First of all, if you’re going to plant fence post cacti, source them locally and out of the way of flying environmental debris.  These are quietly insular, introverted beauties and they like it clean.

Maureen Gilmer writes, “Perhaps you’ve been admiring online photos of the ethnobotanical garden of Oaxaca City making the rounds of modern magazines and Pinterest. These perfectly crisp linear plantings of fence post cactus have finally reached their zenith to become the darlings of the unnatural planting crowd. I visited that same Oaxacan garden just after it was planted many years ago and still have photos of the original plants on grounds of a former colonial convent. Ever since I’ve been fascinated by the rural cactus fences created by planting single stems of this species edge to edge in a solid linear mass. These are very easy to water with drip irrigation and can create fabulous screens as plants can reach 12 feet at maturity.”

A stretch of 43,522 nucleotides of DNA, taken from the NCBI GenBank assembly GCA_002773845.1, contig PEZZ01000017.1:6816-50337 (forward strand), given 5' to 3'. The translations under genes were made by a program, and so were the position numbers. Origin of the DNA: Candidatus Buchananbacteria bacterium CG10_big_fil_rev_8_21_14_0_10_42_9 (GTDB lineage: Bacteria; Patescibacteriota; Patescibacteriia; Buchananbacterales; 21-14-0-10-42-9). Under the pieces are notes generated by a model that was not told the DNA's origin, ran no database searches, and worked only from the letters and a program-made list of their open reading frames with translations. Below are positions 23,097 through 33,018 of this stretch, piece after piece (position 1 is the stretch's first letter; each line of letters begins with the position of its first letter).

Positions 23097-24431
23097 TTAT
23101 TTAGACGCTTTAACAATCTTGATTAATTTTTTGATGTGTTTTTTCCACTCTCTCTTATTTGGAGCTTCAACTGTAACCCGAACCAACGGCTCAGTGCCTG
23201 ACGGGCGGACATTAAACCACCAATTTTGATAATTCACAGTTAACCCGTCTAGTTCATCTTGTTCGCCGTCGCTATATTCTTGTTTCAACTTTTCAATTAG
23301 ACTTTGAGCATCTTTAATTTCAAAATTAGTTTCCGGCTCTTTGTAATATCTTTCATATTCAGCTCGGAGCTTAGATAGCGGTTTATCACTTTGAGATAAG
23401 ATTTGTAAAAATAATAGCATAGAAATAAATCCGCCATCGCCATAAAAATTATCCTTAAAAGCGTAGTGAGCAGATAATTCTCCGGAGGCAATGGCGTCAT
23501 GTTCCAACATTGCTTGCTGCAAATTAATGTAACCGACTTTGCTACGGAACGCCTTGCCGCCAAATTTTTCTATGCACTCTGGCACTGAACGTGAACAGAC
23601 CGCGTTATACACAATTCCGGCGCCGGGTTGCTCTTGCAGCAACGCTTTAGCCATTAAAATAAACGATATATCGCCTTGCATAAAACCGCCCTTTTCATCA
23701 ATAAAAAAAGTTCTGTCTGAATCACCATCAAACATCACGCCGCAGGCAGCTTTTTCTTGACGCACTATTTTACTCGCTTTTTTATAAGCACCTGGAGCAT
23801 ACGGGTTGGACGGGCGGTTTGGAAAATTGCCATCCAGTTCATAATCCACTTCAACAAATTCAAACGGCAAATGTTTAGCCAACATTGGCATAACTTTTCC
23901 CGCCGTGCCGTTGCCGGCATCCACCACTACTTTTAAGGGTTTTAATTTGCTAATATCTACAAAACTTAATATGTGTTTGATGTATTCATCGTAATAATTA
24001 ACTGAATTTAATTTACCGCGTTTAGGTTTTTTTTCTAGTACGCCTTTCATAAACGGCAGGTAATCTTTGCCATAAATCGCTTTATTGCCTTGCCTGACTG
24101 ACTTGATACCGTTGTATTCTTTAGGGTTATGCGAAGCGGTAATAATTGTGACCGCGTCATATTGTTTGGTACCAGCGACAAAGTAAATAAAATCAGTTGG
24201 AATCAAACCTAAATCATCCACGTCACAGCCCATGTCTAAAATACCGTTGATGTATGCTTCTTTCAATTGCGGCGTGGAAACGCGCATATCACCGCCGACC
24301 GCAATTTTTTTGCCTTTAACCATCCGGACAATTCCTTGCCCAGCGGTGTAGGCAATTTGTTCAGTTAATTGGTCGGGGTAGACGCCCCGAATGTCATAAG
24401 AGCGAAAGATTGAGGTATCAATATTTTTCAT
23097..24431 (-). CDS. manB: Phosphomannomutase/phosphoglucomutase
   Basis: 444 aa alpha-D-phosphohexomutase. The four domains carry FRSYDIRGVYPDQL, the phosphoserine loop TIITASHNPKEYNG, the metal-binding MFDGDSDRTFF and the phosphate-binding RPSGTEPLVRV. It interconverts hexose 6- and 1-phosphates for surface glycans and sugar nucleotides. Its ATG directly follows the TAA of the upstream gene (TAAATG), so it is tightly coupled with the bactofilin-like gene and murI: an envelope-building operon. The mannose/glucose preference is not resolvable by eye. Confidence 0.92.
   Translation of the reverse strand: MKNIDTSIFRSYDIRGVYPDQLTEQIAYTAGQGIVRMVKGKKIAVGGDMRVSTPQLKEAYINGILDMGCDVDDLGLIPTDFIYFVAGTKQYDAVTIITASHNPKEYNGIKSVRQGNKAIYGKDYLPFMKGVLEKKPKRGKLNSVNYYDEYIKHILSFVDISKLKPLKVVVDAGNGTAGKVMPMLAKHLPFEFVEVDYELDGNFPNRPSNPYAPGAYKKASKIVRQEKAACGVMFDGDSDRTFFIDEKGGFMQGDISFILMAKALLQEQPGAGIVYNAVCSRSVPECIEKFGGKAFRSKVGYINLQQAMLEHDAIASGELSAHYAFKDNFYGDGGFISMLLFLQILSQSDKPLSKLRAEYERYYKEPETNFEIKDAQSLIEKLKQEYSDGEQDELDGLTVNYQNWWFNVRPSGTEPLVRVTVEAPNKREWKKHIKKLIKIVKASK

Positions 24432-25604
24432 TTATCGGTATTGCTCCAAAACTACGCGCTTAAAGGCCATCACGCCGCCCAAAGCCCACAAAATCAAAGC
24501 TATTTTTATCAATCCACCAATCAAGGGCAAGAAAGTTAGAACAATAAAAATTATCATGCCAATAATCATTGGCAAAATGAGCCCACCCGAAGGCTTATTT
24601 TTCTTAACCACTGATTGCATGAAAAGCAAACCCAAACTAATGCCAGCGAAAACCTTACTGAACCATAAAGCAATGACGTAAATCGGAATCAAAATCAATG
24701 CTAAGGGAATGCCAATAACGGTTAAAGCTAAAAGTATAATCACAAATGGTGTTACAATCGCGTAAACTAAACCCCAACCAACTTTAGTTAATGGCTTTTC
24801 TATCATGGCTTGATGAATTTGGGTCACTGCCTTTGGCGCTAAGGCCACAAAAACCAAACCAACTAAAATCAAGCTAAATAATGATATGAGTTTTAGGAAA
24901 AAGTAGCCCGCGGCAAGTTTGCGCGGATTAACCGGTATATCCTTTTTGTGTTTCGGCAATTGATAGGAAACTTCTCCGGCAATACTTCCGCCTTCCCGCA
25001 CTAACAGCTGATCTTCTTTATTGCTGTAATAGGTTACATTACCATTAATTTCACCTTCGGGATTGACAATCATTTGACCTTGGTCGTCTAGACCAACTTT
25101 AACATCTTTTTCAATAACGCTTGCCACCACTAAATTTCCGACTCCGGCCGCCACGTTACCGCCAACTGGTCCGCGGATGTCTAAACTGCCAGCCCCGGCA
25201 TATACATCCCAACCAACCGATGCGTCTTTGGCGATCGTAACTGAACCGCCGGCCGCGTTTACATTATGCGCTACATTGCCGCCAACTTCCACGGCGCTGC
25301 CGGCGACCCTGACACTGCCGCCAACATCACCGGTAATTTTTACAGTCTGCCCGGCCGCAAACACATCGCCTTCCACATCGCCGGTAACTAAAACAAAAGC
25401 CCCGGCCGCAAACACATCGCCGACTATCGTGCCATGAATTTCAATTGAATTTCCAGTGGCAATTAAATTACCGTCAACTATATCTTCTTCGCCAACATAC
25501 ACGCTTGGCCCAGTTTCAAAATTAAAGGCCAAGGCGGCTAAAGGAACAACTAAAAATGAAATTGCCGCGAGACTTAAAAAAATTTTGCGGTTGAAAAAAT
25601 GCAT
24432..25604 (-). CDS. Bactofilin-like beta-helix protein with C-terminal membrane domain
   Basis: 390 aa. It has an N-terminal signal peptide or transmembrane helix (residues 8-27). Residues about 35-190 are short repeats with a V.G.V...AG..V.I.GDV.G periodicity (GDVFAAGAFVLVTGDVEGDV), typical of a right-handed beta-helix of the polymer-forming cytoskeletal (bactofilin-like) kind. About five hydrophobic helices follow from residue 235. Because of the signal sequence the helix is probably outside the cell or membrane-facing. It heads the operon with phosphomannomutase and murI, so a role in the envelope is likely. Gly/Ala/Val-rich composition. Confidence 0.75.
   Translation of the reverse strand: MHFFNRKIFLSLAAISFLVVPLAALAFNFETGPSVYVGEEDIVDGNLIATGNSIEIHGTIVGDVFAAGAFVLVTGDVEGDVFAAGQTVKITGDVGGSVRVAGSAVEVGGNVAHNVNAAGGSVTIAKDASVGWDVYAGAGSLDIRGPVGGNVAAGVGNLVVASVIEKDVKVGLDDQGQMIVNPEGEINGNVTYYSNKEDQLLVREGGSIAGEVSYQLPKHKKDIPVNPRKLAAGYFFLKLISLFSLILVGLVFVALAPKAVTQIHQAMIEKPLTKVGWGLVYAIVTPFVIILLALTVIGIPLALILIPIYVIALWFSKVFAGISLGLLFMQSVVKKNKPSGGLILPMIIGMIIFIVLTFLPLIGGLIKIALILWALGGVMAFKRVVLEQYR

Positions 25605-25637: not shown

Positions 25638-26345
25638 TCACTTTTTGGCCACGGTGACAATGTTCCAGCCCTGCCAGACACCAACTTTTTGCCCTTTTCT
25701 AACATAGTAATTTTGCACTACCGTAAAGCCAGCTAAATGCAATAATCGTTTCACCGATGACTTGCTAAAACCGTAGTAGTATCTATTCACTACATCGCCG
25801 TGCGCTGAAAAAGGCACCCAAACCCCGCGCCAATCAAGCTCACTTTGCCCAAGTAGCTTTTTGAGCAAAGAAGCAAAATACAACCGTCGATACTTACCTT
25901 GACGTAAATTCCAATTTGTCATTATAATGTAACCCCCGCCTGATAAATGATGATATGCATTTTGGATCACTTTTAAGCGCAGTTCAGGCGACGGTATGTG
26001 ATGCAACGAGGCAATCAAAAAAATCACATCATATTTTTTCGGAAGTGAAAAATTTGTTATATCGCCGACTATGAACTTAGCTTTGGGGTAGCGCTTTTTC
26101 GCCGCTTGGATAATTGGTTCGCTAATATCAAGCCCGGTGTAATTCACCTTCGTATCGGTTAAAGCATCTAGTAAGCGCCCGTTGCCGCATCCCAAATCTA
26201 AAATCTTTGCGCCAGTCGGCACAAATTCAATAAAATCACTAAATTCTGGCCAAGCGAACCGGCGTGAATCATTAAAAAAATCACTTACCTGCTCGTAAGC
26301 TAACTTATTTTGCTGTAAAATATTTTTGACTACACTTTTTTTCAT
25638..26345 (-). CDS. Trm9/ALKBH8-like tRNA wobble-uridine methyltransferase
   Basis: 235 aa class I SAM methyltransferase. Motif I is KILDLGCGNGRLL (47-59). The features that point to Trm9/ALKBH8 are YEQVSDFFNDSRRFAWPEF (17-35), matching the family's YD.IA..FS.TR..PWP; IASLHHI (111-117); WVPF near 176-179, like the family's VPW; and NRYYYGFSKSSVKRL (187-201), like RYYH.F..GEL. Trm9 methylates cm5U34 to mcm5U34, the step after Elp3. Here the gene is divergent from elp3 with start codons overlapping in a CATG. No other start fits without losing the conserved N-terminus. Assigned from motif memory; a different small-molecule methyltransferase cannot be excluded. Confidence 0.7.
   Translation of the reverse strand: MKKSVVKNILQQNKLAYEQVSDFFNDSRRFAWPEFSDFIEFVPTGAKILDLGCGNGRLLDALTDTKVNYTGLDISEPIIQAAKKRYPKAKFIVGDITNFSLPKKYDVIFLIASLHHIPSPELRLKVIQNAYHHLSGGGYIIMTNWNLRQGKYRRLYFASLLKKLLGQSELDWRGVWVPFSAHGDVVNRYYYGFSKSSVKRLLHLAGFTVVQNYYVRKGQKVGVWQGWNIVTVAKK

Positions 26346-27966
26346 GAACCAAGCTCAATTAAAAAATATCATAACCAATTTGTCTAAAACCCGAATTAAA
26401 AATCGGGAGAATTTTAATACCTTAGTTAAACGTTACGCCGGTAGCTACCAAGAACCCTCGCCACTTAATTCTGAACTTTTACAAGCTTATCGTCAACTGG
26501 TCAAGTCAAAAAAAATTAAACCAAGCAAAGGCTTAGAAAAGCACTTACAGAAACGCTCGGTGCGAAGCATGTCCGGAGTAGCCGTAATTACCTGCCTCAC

lange: art, agriculture, agritourism.  Exploring and expanding the intersections of art, agriculture, agritourism, and agrarian systems within creative placemaking.  How can we help you grow? 941/875.5190.



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